(Pocket-lint) - The JBL BAR 9.1 is a 5.1.4-channel soundbar that supports the Dolby Atmos and DTS:X object-based audio formats. Unlike the majority of soundbars, the BAR 9.1 is able to deliver a fully immersive experience thanks to four upward-firing drivers and a pair of wireless rear speakers.

These rear speakers are attached to the main unit for charging, then simply moved to the back of the room whenever you want to be completely surrounded by effects or immersed in your favourite films. This all-in-one cinema soundsystem is a clever, tidy and very lifestyle-friendly solution. 

JBL has concentrated on sound quality and effective delivery of multi-channel audio, so there's no frippery like proprietary multi-room functionality or built-in smart assistants. However, there are useful features like eARC, automated audio calibration, a proper display, and a decent remote.

Sleek and slimline

  • Soundbar: 884 x 62 x 120mm; 3.64kg
  • Subwoofer: 305 x 440 x 305mm; 11.1kg
  • Rears: 173 x 60 x 120mm; 0.72kg

The JBL BAR 9.1 looks suitably contemporary, with a sleek, slimline and curvy design. The grilles are solid, and while the finish is dominated by black plastic, the overall build quality is commensurate with the price. Importantly, this soundbar will sit comfortably under TVs up to 65 inches in size without drawing attention to itself or blocking the screen

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At either end of the soundbar are the detachable wireless rear speakers. JBL includes side caps to attach to the ends of the soundbar and speakers if you plan on primarily leaving them at the rear of the room. There is the option of recharging the speakers using Micro-USB, and JBL includes brackets for wall-mounting the main unit and the surrounds. 

The soundbar has some basic touch-sensitive controls on the top centre, while a proper display lives on the front right. The latter is particularly pleasing, especially in the absence of any dedicated remote app, and it clearly and effectively shows what the BAR 9.1 is doing.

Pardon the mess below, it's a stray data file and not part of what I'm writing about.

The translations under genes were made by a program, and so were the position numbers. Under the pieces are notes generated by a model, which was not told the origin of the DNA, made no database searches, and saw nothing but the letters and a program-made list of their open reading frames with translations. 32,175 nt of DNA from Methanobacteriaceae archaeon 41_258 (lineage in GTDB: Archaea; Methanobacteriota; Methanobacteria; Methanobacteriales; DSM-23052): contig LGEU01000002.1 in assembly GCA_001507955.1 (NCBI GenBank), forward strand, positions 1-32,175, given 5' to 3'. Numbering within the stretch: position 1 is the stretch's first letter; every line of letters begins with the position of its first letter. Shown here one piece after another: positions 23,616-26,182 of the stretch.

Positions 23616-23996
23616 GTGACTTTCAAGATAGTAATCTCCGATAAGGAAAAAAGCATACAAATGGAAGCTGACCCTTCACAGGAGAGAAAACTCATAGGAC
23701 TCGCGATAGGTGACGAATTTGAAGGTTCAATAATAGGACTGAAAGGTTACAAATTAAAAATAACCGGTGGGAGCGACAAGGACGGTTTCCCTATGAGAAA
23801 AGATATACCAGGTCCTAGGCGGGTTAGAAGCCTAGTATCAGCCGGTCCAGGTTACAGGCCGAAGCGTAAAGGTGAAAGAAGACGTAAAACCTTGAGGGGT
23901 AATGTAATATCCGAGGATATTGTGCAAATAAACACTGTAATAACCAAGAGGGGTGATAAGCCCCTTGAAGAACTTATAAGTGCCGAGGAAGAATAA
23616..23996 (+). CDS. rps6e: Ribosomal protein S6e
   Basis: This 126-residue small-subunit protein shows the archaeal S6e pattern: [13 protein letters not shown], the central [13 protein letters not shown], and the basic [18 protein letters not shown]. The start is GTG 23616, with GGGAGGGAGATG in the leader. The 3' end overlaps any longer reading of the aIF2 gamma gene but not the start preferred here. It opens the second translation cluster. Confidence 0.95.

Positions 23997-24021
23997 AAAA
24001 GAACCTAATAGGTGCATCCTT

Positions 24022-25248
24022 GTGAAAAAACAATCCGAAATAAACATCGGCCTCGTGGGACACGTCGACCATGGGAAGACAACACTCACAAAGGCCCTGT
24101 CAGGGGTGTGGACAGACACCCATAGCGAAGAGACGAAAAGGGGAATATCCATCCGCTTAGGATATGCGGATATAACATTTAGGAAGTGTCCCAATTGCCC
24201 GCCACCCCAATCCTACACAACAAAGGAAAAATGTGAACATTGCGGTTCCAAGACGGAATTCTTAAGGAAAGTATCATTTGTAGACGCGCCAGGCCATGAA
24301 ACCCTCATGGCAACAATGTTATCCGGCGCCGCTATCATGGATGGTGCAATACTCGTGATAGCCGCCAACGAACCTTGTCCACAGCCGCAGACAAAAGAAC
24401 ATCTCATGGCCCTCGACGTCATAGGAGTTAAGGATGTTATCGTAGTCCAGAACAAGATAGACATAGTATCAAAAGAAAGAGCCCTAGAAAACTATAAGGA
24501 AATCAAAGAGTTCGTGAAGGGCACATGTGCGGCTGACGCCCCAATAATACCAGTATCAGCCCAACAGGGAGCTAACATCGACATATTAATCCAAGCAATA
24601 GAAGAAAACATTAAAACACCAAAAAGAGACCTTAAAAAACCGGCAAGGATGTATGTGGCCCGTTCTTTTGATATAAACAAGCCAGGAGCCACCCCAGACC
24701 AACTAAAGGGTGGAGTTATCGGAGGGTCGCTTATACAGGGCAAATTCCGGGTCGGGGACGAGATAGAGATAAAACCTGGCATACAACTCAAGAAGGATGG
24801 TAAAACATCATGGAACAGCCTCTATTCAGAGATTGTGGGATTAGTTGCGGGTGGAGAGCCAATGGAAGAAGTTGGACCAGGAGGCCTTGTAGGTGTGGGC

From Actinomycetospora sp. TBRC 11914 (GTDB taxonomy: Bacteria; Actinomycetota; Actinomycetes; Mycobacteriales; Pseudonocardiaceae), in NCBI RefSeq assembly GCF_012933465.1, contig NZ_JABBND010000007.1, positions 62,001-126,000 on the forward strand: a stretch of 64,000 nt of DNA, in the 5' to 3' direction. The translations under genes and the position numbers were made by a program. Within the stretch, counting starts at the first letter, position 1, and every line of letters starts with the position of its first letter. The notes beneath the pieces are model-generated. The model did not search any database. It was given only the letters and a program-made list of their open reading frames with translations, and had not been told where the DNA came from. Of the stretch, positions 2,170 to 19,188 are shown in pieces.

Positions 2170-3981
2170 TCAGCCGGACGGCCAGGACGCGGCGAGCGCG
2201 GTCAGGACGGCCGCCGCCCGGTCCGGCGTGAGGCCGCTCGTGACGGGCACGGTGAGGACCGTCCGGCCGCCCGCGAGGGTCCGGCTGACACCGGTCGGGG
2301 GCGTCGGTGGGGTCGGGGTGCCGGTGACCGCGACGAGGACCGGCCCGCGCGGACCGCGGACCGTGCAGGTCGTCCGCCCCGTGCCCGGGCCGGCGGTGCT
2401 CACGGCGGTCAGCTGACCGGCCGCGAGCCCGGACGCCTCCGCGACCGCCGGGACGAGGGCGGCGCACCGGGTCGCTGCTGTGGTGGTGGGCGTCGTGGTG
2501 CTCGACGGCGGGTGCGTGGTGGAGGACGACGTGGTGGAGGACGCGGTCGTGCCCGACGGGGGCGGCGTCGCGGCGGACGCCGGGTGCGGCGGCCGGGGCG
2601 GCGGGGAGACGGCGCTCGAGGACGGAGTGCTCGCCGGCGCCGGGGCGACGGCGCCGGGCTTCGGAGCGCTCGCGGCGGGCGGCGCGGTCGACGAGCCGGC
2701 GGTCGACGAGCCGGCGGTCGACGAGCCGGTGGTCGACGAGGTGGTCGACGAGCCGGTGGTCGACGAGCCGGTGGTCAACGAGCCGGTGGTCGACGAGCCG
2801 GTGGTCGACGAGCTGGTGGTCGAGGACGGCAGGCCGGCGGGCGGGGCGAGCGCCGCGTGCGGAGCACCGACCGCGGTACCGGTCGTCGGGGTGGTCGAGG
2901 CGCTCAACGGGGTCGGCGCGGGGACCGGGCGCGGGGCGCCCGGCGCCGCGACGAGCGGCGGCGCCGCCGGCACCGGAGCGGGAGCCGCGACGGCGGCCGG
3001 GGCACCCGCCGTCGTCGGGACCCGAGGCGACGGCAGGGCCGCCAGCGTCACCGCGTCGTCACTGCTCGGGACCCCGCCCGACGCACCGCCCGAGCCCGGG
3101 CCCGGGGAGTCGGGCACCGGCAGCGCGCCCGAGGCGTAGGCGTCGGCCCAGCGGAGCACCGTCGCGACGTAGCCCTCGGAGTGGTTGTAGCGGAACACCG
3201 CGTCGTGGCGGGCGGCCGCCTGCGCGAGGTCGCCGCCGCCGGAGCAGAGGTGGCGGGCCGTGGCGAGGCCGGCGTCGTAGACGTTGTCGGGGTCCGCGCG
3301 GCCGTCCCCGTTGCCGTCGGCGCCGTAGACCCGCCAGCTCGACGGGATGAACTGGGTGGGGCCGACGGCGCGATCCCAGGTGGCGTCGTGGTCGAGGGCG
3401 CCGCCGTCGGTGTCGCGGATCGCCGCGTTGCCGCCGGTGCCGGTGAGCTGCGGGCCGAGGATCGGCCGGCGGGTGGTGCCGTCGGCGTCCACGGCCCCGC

The system includes a wireless subwoofer that's constructed from MDF but matches the styling of the main unit.

JBL BAR 9.1 features

  • 5.1.4-channel audio
  • Dolby Atmos and DTS:X
  • Wireless active subwoofer
  • Wireless rechargeable rear speakers

The JBL BAR 9.1's primary feature is not only its ability to decode Dolby Atmos and DTS:X, but also the fact that it can deliver both object-based audio formats using a fully immersive 5.1.4-channel speaker layout.

To achieve this it has three forward-firing speakers on the soundbar itself for front left, centre and right, along with a pair of upward-firing speakers. These are composed of four racetrack drivers, three 20mm tweeters, and two upward-firing full-range drivers, with 400W of amplification.

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The wireless rear speakers each have a 20mm tweeter and a full-range upward-firing driver, with 60W of built-in amplification. According to JBL, the rears take three hours to fully charge, and should last up to ten hours before needing recharging.

Finally the wireless active subwoofer provides a solid low frequency foundation to the whole system, thanks to a 10-inch downward-firing driver and a rear bass port for added depth. There's 300W of grunt built-in, and JBL claims this bass monster can reach down to 34Hz.

The BAR 9.1 works with the Google Home app, which makes setting up the Wi-Fi connection easy and allows for automated firmware updates. There's no dedicated JBL remote app, nor is there a proprietary multi-room system, or a built-in smart assistant like Amazon Alexa.

Connections and controls

  • 1x HDMI input; HDMI-eARC output
  • 1x optical digital input; 1x Ethernet
  • Wi-Fi; Bluetooth; Chromecast; AirPlay 2

The JBL BAR 9.1 boasts a solid selection of connections, although there's only one HDMI input. On the plus side, the HDMI output does support eARC (enhanced audio return channel), allowing users to connect other devices directly to a compatible TV and send lossless audio back to the soundbar via HDMI-ARC.

The HDMI connections can pass 4K/60p, HDCP 2.3, HDR10 and Dolby Vision, but the BAR 9.1 can't currently pass HLG (Hybrid Log Gamma) and HDR10+ - although that's not a massive loss. In terms of other connections, there's an optical digital input, and an Ethernet port for a wired connection. There's also Bluetooth 4.2 and dual-band Wi-Fi, along with support for Chomecast and Apple's AirPlay 2.

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There are a number of options for controlling the BAR 9.1, including the touch-sensitive controls for power on/off, volume up and down, and source select found on the soundbar itself. There's also limited control available through the Google Home app, Apple AirPlay 2 or a TV remote if the JBL is connected via HDMI-CEC.

The included remote control is large enough to comfortably hold and use with one hand. It has the same plastic finish as the rest of the system, and is reasonably well made. JBL has simplified the layout - which is good because no-one likes being faced with dozens of buttons - but may have gone too far because you'll definitely need to consult the manual to work out all the dual function keys.

Object-based nirvana

The JBL BAR 9.1 is staggeringly easy to install, thanks to some really useful features included by JBL. All you need to do is place the soundbar in front of your TV (stand or wall mount), making sure you don't block the upward-firing speakers. You then place the subwoofer in the front left or right corner, and attach the rear speakers to charge them up.